WEBVTT - autoGenerated
00:00:00.000 --> 00:00:25.000
The second exercise concerns some calculation in one dimension, so if you assume that n is equal to 1 and uxt is v of x over square root of t for some vc2, then ut is equal to uxx, so u solves the heat equation in one dimension, if and only if v solves the equation, v2 plus z over 2v prime equal to 0.
00:00:25.000 --> 00:00:35.000
Then you have to show that the general solution is v of z equal to c, integral from 0 to z, e to the minus s squared over 4 in the s plus d.
00:00:35.000 --> 00:00:47.000
Then you have to differentiate this function u that you find with respect to x and select a proper constant c so that you get the fundamental solution in one dimension.
00:00:47.000 --> 00:00:56.000
And finally the optional part was to explain why this funny procedure actually gives you the fundamental solution.
00:00:56.000 --> 00:01:08.000
So part a was quite simple, I mean the derivative in time of uxt is simply v prime evaluated in x over square root of t times minus x over 2 t to the power 3 over 2.
00:01:08.000 --> 00:01:21.000
The first derivative in x of u is v prime of x over square root of t times 1 over square root of t and therefore the second derivative is simply the second derivative of v evaluated in x over square root of t times 1 over t.
00:01:21.000 --> 00:01:36.000
Therefore, ut is equal to uxx, if and only if, v prime of z times minus z over 2 t is equal to v second of z over t, where we set z to be x over square root of t, which is a real number so that makes sense.
00:01:36.000 --> 00:01:40.000
But this is the equation that we have here.
00:01:40.000 --> 00:01:59.000
Now, how to find the general solution, define v prime, I mean call v prime w, then w prime is equal to minus z over 2 w, but therefore the solution of this is simple, is some constant times e to the minus z squared over 4, the unique solution.
00:01:59.000 --> 00:02:06.000
And therefore v is simply given by the integration plus an arbitrary constant.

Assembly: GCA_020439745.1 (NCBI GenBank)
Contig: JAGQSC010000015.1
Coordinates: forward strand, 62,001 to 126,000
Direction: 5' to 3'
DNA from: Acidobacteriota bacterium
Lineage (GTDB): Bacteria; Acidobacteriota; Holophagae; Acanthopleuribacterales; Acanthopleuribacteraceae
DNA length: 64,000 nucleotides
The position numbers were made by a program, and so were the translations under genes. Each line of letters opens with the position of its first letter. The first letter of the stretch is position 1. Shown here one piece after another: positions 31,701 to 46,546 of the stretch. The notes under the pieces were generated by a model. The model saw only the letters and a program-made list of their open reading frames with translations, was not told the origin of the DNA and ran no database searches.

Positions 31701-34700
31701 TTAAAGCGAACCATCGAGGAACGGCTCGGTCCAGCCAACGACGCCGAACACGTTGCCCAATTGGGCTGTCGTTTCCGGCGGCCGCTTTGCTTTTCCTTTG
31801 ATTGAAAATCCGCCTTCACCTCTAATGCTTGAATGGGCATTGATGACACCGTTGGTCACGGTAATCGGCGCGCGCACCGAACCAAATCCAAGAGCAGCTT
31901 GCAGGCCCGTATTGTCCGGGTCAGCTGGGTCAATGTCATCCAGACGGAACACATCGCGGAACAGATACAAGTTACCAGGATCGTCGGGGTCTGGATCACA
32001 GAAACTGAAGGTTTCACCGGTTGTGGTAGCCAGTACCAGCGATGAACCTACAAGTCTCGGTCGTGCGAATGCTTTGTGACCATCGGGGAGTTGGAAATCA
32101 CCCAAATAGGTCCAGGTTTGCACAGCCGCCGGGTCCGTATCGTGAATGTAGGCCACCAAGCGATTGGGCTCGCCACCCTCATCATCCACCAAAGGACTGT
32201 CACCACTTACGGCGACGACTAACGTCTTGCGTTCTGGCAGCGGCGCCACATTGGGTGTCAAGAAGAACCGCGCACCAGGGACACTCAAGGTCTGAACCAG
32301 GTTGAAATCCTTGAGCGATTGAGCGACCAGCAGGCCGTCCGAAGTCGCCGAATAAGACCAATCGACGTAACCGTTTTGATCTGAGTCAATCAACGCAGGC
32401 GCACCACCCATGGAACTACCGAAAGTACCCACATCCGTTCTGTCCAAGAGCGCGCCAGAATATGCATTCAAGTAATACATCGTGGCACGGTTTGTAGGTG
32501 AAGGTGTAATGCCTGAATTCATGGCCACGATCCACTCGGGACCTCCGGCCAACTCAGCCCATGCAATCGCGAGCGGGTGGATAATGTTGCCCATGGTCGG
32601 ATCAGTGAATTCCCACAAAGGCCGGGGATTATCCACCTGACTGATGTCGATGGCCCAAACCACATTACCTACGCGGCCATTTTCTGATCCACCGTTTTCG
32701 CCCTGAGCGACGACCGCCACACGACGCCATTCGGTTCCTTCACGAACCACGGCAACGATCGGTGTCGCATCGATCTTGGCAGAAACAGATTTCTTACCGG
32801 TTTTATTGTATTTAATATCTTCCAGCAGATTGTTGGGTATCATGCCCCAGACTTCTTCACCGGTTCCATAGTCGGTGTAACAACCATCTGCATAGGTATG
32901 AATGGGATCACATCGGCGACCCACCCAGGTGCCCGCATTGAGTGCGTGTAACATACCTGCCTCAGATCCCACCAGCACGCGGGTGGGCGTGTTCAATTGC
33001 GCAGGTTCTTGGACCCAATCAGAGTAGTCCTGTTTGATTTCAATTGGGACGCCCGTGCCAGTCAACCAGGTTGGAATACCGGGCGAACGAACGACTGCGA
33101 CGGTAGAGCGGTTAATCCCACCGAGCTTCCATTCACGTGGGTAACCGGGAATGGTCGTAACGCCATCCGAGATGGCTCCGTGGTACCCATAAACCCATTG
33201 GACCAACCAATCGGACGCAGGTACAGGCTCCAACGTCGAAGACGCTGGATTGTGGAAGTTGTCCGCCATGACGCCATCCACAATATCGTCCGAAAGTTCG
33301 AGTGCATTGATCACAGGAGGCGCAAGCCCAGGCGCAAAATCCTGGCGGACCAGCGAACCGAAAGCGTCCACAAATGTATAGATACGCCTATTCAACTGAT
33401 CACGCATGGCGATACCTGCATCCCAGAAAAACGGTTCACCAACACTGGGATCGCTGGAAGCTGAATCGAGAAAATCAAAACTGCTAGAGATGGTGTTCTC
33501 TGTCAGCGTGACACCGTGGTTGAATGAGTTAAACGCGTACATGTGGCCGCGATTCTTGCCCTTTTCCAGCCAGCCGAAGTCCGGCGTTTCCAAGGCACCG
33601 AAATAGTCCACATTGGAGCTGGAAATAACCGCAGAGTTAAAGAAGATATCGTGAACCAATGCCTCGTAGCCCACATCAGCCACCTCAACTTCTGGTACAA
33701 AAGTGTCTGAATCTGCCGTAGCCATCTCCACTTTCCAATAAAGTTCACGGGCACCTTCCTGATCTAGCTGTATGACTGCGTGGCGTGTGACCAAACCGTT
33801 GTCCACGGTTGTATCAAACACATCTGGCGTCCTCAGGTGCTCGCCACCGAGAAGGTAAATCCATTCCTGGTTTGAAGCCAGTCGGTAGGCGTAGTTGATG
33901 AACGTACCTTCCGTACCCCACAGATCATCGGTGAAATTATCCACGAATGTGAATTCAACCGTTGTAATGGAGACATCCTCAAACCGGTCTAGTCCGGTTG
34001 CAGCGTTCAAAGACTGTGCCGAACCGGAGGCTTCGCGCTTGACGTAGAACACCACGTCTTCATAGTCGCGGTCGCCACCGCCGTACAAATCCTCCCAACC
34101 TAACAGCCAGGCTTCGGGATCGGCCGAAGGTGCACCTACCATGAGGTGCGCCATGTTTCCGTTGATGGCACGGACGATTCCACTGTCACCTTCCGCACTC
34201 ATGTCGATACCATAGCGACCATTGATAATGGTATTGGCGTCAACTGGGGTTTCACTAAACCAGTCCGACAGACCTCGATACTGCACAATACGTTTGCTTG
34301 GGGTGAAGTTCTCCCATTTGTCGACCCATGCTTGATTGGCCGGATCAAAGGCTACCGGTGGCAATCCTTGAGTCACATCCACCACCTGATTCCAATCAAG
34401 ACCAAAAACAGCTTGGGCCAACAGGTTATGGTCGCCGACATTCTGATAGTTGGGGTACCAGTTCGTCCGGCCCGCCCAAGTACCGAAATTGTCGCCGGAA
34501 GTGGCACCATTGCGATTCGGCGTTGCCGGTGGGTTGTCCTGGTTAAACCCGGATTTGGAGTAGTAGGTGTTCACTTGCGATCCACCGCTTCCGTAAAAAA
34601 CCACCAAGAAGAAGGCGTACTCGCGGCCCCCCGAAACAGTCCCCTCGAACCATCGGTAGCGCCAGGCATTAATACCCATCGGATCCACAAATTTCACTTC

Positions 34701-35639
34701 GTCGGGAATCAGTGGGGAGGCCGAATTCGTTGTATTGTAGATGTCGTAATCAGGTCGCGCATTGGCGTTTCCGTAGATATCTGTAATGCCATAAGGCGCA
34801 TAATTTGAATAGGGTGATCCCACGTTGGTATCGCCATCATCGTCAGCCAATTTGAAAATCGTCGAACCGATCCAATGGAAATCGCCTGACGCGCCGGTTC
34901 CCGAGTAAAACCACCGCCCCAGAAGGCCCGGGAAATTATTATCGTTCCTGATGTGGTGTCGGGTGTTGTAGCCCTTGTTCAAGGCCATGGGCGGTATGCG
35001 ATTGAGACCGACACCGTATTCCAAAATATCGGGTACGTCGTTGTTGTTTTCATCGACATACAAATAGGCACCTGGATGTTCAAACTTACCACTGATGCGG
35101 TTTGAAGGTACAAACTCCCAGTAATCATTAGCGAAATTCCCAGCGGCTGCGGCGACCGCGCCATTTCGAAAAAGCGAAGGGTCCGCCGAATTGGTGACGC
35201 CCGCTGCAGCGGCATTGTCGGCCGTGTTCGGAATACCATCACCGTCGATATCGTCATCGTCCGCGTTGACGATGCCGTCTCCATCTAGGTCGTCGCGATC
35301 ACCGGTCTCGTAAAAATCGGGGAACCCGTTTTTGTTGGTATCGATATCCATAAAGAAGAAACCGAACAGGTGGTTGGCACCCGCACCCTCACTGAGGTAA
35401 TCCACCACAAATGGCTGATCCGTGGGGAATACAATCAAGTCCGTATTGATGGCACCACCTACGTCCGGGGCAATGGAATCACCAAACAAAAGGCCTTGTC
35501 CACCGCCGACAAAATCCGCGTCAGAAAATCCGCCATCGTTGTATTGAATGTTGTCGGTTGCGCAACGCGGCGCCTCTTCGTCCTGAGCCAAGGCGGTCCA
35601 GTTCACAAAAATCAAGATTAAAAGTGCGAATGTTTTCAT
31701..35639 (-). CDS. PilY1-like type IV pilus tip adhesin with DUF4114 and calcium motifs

00:02:06.000 --> 00:02:18.000
As for point c, notice that uxt is a constant, the integral from 0 to x over square root of t e to the minus z squared over 4 in the s plus d, no?
00:02:18.000 --> 00:02:24.000
u is v of x over square root of t, so insert x over square root of t in the definition.
00:02:25.000 --> 00:02:40.000
Take a derivative, taking a derivative means we get c e to the minus x squared over 4t divided by square root of t, because we are taking a derivative in x, so we have to differentiate also this term over here, the end point of the integral.
00:02:40.000 --> 00:02:51.000
So that when you see that this is really the right form, it will be equal to the fundamental solution if we choose c to be 1 over square root 4 pi.
00:02:51.000 --> 00:02:58.000
Why? That's always the interesting question in math. Why do we get what we get?
00:02:58.000 --> 00:03:08.000
And the hint was, what is the initial condition for ux? And there are many ways to see it.
00:03:08.000 --> 00:03:12.000
One is, well, what is the initial condition for u?
00:03:12.000 --> 00:03:16.000
That means if I send t to 0+, what happens to uxt?
00:03:16.000 --> 00:03:24.000
Well, by definition, if x is positive, x over square root of t is going to plus infinity, the Gaussian function is clearly summable.
00:03:24.000 --> 00:03:32.000